The recipe is from Rick Bayless’ new book, Fiesta at Rick’s: Fabulous Food for Great Times with Friends, which is great even though some of the recipes are a little over the top–such as instructions on how to dig a pit in the backyard and roast a whole pig–reminds me of my Texas days at my grandparent’s house.

Ernestina's concentrated mole rojo clasico

mole rojo clasico

makes about 3/4 gallon of mole – about 24 servings

10oz (5 medium) tomatillos, husked and rinsed
1 1/2 cups (6 1/2 oz) sesame seeds
1 cup rich tasting pork lard or vegetable oil, plus a little more if necessary (I used grapeseed oil and about 1/2 cup)
12 medium (6 oz) dried mulato chiles, stemmed, seeded, torn into large flat pieces
6 medium (3 oz) dried ancho chiles, stemmed, seeded, torn into large flat pieces
10 medium (3 oz) dried pasilla chiles, stemmed, seeded, torn into large flat pieces
8 garlic cloves peeled
1 cup (4oz) unskinned almonds
1 cup (4oz) raisins (I used currants)
1 tsp cinnamon, preferably freshly ground
½ tsp anise, preferably freshly ground (I didn’t have any so I used star anise)
¼ tsp cloves, freshly ground
2 slices firm white bread, darkly toasted, broken into several pieces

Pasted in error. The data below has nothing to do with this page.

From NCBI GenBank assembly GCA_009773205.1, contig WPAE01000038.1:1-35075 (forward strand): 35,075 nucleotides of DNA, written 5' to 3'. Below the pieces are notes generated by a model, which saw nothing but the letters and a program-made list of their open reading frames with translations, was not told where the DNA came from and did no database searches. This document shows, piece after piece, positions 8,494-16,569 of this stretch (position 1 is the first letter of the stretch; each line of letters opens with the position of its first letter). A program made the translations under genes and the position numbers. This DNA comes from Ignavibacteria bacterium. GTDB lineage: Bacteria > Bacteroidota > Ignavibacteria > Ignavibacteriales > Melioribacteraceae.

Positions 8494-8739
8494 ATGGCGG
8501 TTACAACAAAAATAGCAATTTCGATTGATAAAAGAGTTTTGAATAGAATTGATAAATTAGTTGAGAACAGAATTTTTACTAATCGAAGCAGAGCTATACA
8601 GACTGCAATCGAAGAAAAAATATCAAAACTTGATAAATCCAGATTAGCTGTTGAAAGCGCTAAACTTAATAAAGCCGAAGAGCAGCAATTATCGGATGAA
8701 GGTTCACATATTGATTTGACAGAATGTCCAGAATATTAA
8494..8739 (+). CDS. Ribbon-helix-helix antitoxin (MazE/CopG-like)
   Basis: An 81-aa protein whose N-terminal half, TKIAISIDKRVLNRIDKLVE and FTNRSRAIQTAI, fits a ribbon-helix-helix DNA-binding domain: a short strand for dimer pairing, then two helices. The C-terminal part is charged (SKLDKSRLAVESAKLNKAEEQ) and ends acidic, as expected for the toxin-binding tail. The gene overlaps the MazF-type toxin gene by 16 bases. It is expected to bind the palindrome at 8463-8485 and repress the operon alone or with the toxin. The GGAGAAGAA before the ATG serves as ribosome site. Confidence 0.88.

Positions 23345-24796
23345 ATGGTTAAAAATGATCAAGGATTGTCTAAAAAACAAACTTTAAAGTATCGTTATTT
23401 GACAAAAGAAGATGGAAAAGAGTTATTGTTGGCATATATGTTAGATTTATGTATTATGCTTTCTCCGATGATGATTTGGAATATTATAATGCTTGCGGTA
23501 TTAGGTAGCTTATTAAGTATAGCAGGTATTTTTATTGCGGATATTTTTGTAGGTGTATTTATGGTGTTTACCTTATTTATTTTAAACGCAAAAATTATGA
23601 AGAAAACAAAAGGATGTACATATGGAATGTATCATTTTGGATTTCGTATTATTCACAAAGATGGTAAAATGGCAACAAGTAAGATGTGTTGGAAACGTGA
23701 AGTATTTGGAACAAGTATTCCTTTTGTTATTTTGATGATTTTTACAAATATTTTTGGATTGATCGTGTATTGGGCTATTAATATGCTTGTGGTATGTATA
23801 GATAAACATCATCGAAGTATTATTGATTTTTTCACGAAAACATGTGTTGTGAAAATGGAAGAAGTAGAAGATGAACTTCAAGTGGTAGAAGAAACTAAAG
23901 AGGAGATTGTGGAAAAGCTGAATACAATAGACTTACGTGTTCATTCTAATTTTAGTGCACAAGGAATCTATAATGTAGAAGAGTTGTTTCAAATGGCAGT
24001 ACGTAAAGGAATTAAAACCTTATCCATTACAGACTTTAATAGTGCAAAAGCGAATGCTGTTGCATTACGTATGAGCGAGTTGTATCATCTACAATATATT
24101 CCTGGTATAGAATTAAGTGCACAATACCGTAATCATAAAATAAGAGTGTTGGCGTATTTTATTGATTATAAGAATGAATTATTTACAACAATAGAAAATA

2 oz (2/3 of a 3.3 oz tablet) Mexican chocolate roughly chopped
3 quarts chicken broth (or substitute vegetable broth)
Salt
1/3 to ½ cup sugar

Step 1 – Preliminaries – On rimmed baking sheet, roast tomatillos 4 inches below a very hot broiler until they splotch black and get thoroughly soft (about 5 minutes per side).
Scrape into a large bowl. In a dry skillet, toast sesame seeds, stirring constantly until golden – about 5 minutes. Scrape half into tomatillos, reserve the rest.

Step 2 – Brown other mole ingredients. Turn on exhaust fan and in large dutch oven or stock pan, heat lard or oil over medium. When quite hot, fry the chiles, 3 – 4 pieces at a time, flipping constantly with tongs until aromatic and interior side has lightened in color, 20 to 30 seconds (don’t toast so darkly that they begin to smoke or mole will be bitter). As they are done, remove to a large bowl, draining as much fat as possible back into the pot. Cover the toasted chiles with hot tap water and rehydrate for 30 minutes, stirring frequently to ensure even soaking.